Today it rained light over the farm and thus I was able to brave the rain for a short but important task. At around 3.00 pm I decided to widen the stream, clear the sides of roots and debris ( twigs, silt) in order to improve the flow. I was working in light rain because I wanted to see those bends and corners of the stream that hold on the traffic flow. I took me about three hours of raw power to finish the job. I was happy to note how the stream improved tremendously once the debris were cleared and the sides widened. The area that I focused today was at Zone D and E. The above picture shows the stream as it meanders a section of the Heliconia Valley at Zone E area. The long shot view shows a tiny white flower at the center of the picture. It is the White Costus ( Costus speciosus ) as shown in close-up at the inset to the left. Somewhere to the right of the picture is seen a banana tree and below is the medium shot of the fruiting tree.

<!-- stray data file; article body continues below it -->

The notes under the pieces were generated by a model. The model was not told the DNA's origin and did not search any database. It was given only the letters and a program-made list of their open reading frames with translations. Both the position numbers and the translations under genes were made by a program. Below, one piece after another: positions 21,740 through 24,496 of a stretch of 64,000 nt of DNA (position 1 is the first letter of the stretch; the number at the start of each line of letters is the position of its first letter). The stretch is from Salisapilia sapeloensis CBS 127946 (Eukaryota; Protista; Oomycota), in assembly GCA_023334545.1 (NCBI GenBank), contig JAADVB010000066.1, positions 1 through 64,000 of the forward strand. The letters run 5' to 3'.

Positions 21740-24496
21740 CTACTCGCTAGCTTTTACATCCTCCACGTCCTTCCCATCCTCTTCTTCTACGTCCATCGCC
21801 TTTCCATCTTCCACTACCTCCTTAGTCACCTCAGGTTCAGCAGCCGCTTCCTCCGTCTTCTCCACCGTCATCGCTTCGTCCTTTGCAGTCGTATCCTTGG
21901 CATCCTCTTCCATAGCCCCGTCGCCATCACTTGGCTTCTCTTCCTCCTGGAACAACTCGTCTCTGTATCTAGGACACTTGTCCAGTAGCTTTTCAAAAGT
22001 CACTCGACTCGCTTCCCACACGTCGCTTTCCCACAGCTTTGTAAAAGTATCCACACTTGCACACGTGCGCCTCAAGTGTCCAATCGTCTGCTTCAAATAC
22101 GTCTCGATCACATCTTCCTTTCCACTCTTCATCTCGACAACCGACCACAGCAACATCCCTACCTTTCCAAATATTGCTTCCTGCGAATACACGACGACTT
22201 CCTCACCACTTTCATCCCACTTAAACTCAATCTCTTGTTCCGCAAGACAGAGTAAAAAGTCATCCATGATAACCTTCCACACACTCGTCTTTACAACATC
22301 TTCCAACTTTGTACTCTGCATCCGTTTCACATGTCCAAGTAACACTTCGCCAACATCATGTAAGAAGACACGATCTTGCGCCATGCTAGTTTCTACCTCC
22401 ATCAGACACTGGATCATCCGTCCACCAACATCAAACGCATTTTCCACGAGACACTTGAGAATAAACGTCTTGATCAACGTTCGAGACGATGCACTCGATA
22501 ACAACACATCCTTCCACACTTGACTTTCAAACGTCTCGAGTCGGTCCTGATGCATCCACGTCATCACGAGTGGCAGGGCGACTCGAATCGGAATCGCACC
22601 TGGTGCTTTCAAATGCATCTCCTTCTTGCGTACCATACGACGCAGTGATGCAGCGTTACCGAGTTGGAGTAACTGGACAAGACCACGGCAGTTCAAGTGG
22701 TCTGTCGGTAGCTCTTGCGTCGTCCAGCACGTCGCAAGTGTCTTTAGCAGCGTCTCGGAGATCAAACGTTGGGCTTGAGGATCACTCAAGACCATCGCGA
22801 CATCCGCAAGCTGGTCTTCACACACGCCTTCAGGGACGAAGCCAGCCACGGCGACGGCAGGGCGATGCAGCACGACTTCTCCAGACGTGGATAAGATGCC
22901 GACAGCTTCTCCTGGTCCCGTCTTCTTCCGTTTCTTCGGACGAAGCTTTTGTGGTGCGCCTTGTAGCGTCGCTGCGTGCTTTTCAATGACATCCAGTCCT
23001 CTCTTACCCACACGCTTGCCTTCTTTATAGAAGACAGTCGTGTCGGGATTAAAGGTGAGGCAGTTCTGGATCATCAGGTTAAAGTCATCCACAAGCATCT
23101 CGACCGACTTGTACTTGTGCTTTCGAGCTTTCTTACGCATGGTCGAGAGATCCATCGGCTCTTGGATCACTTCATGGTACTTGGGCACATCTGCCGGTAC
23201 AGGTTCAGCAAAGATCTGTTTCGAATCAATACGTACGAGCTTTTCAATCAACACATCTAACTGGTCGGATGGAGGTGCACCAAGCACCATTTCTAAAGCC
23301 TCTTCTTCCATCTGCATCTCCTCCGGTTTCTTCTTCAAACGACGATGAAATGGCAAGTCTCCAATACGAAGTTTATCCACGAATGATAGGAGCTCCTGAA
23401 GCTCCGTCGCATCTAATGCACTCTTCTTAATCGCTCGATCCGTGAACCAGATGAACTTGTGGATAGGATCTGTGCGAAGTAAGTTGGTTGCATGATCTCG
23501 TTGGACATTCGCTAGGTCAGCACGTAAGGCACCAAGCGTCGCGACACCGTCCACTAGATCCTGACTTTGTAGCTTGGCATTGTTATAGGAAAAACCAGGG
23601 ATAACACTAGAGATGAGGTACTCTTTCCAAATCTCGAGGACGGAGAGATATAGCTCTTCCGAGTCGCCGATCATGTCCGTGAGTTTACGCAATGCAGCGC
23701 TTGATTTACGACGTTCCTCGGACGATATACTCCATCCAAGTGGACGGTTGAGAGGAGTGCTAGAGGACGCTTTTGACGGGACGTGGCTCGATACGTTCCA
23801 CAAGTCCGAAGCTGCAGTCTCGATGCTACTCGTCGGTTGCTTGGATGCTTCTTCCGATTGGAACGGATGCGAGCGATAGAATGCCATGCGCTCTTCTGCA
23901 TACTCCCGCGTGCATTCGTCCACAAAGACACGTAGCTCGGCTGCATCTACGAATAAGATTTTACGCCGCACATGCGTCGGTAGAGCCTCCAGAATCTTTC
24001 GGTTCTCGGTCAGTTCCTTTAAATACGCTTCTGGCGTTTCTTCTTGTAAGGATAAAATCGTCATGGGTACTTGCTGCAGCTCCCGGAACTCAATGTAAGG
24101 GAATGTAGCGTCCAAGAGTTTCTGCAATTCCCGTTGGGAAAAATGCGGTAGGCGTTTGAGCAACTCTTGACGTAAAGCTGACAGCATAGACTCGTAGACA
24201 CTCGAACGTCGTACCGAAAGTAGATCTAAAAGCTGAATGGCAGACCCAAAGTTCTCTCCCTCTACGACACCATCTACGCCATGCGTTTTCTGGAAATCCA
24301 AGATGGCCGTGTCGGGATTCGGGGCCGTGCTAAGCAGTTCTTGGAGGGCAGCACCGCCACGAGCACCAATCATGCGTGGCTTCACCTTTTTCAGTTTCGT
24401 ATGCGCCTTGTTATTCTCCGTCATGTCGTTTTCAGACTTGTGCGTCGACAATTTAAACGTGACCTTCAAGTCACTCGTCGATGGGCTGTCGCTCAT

There are a couple of banana varieties at the garden. Bananas belong to the genus Musa and as you can recall the popular heliconias are also of that banana family ( Family - Musaceae). I intend to build up a collection of edible varieties next year. CU of the picture above shows the purplish terminal head which Malays call " Jantung". In Malaysia the jantung are favourite for salad, of course to be eaten with the ever popular " Belacan" paste or cooked in coconut milk called " Santan". The popular banana cultivars that are readily available in Bintulu tamu or jungle produce market are the " Pisang Berangan" ( Note: " Pisang" in Malay means banana), Pisang Embun, Pisang-pisang, Pisang Hotel, Pisang Keling or Rastali, Pisang Emas, Pisang Kapok, Pisang Tanduk, and many more. Ripe bananas contain about 27% carbohydrate and surprisingly very little cholesterol or fats. They are a good source of vitamin C . The banana varieties that are commonly used for making banana fritters are the Pisang-pisang, Pisang Kapok and the Pisang Tanduk. All three are my favourites too!.